Japan will attempt to put a commercial satellite into space Friday as it jumps into the Europe- and Russia-dominated world of contract rocket launches.
An H-IIA rocket is to put South Korea’s KOMPSAT-3, an Earth observation satellite developed by the Korea Aerospace Research Institute, into orbit, a Japan Aerospace Exploration Agency official said.
The H-IIA is the workhorse of JAXA and has been launched 20 times since 2001. The launches have been run by Mitsubishi Heavy Industries since they were privatized in 2007, JAXA spokesman Masashi Okada said. JAXA’s past six H-IIA launches were related to government missions.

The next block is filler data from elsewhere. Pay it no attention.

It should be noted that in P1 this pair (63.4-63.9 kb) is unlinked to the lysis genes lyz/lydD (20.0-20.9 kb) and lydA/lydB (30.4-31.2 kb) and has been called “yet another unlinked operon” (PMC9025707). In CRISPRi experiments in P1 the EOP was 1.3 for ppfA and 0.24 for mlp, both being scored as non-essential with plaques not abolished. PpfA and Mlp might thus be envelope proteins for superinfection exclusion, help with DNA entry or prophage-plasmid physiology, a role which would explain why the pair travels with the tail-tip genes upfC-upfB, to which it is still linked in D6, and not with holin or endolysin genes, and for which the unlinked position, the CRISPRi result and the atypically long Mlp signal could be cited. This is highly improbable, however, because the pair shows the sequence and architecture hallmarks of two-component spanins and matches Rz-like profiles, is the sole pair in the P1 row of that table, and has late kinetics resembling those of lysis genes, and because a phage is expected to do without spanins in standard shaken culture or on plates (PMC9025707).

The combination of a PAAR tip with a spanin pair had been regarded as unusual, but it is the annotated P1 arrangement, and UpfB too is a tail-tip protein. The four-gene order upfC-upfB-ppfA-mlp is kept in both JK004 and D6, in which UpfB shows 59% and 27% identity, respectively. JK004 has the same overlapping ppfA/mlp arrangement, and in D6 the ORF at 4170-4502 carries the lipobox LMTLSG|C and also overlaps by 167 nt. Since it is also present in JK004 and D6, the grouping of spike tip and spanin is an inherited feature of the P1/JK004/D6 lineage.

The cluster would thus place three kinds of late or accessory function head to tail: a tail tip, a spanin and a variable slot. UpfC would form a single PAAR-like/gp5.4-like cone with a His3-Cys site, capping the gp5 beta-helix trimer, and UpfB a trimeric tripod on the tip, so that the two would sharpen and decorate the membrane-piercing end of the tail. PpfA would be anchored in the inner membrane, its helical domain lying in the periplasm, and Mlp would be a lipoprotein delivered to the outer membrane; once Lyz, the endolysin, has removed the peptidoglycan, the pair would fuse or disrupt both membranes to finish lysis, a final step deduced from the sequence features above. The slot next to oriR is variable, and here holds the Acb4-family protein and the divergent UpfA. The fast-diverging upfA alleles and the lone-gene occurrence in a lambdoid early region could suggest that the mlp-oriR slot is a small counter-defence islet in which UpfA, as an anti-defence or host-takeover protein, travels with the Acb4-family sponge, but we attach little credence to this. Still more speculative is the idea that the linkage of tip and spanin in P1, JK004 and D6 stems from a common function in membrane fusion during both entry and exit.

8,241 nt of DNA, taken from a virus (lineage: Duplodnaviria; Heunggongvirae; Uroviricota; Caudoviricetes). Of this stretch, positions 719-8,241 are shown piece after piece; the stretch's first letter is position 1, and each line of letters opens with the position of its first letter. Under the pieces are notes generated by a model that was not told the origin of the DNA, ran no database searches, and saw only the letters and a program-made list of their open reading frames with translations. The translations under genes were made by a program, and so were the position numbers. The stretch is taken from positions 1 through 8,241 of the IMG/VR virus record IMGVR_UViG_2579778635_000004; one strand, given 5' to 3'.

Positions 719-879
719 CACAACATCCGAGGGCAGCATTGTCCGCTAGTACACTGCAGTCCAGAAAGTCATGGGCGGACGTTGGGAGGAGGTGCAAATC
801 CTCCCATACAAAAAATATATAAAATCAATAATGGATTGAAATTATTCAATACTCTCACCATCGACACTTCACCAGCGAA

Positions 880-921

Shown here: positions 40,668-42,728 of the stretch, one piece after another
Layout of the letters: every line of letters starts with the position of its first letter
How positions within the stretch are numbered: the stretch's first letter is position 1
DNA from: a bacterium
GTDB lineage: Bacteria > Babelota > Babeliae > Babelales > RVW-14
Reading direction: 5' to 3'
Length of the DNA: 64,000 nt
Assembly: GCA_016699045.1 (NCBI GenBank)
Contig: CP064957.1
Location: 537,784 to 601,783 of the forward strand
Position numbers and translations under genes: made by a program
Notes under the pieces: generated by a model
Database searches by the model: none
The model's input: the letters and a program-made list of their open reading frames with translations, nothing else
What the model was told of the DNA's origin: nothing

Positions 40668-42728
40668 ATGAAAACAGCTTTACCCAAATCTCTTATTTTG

“If this commercial launch proves a success, we hope to build customers’ trust and get the next order to enter the business dominated by Europe’s Ariane and Russia’s Platon rockets,” said Kenichi Nakamura of MHI.
The South Korean institute made a bid of several billion yen for the launch, “the cheapest price in an international auction,” the Sankei Shimbun reported, citing the institute. MHI declined to confirm the report.
Liftoff is scheduled for 1:39 a.m. Friday from Tanegashima Space Center on Tanegashima Island, Kagoshima Prefecture.
The rocket will also carry JAXA’s Shizuku satellite, which will be used to monitor global ocean currents, officials said.